And I hope I add to Exit Wound tomorrow as I plan to, especially since it will be raining, and my practicing of this little game we call golf will have to wait.

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Thursday, February 4, 2010

It Takes All Kinds

After tinkering one last time (I hope) with the RTJ Golf Trail story, I decided to take advantage of the all-the-golf-you-can-play-for-50-bucks deal, since I'd already paid. So I arrived at the first tee, ready to enjoy a round of golf, yet as I addressed my ball, two guys are talking, loudly, right behind me. I had just joined their foursome, so I waited a few seconds to see if they would quite down, rather than asking them to be quiet, and creating an uncomfortable introduction. As it turned out, I should have said something, because I opted to play through their discussion, and chunked the first shot 25 yards—the first less-than-very-solid strike I've had on the first tee at the Lakes. Of course, I was then upset and had a who-knows-how-long pitch to a back pin tucked three paces from the sloping back fringe. And I started double, bogey, bogey, after having played 9 in two over on Tuesday.

The main jackass continues to be one on the next couple holes, then, on the 4th, he proceeds to intentionally hit into the foursome in front of us, who, apparently, were guilty of putting. The guy hit the ball, didn't say a single word, and when I said, "You drove into them. That's why they just looked as us," his response was, "Well, they're putting too slowly."

When another guy in our foursome, a very friendly man who used to work in the Long Beach Navy shipyard and who had just made a birdie on the previous hole, was busy tinkering in his bag, rather than teeing it up, I stepped to the tee, and our self-important jackass said that it was very bad karma to hit before a birdie shooter. I said nothing, backed off, and as our birdie shooter was in the middle of his backswing, Johnny Jackass started talking. That did it. I turned to him and said, "It's bad karma to play "ready golf" but it's okay for you to talk loudly while people address the ball. And on the fourth, you drove into the guys on the green, without yelling fore, and then blamed them for putting too slowly, though they had just pulled the pin."

Needless to say, the remaining holes were a touch awkward. Surprisingly, we didn't exchange numbers or even shake hands.

I went around again, this time behind the jackass, and it took everything in my power not to hit into him.

Instead, I proved that the great rounds of two days ago were a bit fluky, and I reaffirmed what I already knew to be true: Putts must fall for scores to do the same.
I didn't make a single birdie putt in 27 holes. But having walked 27 holes, I feel that skipping my 90-minute P9X yoga session is acceptable. I'll try to get back on track tomorrow.

The good news is that, at $11 to play 9 holes, I have already received my money's worth, since I've played 45 holes (do the math), so any rounds hereafter for the rest of the month are effectively free. Though, of course, my round with Jackass today cost me in many ways.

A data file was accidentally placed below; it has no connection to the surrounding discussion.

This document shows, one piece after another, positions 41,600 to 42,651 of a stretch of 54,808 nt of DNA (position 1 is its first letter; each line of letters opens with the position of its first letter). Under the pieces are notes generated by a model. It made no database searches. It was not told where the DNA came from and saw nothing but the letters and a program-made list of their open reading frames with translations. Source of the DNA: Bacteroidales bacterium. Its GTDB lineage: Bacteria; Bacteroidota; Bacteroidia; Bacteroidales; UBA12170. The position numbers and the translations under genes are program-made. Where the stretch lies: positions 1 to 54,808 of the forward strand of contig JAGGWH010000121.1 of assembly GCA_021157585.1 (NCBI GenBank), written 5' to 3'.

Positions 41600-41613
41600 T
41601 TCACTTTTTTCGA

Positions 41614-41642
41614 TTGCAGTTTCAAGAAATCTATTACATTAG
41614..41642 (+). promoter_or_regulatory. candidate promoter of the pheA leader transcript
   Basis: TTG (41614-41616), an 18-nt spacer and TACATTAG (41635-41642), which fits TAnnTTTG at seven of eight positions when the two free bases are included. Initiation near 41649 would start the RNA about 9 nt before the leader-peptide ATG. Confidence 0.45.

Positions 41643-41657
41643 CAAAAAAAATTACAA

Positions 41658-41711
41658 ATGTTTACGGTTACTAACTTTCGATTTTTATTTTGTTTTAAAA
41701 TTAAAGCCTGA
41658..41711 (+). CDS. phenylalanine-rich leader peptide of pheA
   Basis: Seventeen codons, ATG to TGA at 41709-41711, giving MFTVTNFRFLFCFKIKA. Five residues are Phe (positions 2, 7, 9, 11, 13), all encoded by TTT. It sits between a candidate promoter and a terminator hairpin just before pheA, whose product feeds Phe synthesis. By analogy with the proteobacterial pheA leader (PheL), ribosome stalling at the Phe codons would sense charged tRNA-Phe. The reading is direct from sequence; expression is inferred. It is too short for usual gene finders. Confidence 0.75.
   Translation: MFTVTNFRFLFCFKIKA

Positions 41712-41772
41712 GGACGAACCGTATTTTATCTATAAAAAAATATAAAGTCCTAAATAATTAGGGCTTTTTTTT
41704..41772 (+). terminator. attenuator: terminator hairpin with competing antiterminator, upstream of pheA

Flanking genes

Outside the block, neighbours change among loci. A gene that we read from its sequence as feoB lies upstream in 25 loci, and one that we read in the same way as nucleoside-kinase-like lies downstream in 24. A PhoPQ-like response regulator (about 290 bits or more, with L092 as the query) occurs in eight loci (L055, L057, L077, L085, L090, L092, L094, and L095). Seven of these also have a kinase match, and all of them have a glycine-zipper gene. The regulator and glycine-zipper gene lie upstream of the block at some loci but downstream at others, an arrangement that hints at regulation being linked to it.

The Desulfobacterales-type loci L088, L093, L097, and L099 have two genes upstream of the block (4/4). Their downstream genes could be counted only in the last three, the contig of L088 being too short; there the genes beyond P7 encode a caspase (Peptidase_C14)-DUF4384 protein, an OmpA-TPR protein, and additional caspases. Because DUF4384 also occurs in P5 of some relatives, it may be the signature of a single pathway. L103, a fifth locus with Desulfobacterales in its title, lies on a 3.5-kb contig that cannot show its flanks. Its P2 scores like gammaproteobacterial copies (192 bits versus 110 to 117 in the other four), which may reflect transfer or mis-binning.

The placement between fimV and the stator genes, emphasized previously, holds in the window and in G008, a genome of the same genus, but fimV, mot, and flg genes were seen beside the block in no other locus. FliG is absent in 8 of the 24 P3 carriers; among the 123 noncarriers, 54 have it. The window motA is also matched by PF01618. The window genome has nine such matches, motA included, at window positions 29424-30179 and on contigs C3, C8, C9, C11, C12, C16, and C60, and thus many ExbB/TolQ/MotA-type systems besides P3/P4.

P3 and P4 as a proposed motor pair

And the bad news is that yogurt girl was not flirting, or at least was not flirting with purpose, since she managed to squeeze in the word "boyfriend" rather quickly this evening. That's okay, though, since she likely wasn't a golfer.

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Wednesday, February 3, 2010

More of the Same

The only golf I partook of today consisted of revisiting the fantastic courses I played in Alabama on the Robert Trent Jones Golf Trail, a bit of nostalgic time travel resulting from my having added nearly another 1,000 words to my feature story about that trip. I hope to reread the piece in the morning, then send it off for fact checking.

I did, however, watch a few minutes of the Golf Channel, and I wondered how I could make a trip to Oregon's Bandon Dunes and its sister courses happen. I should call up there to see if they would be interested in hosting me so that I could write a column about my experiences there.

If it sounds as though nothing of consequence has happened, then I have written this post accurately.

I started to read the book Time Release, by the editor of Orange Coast Magazine, Martin J. Smith, the one who encouraged my efforts on Exit Wound the other day. So far it's really good, and it makes the Robert B. Parker Spenser novel I inhaled over the last two days seem like little more than seasoning to this book's steak. Of course, Robert B. Parker was rich, famous and so widely respected that he is generally viewed as having been the logical successor to Hammett-Chandler-and-MacDonald. And yet, even after having studied the field for more than 25 years, I had never heard of Martin J. Smith until I emailed him the other day. Of course, he's still alive, unlike Parker, so he might be fine with their relative degrees of fame.

I also worked out like crazy, and Day Three of my re-started P90X effort, Shoulders & Arms, followed by Ab Ripper X, put me on the verge of collapse.

All things considered, I would rather have played golf.

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Tuesday, February 2, 2010

Maybe This Time ...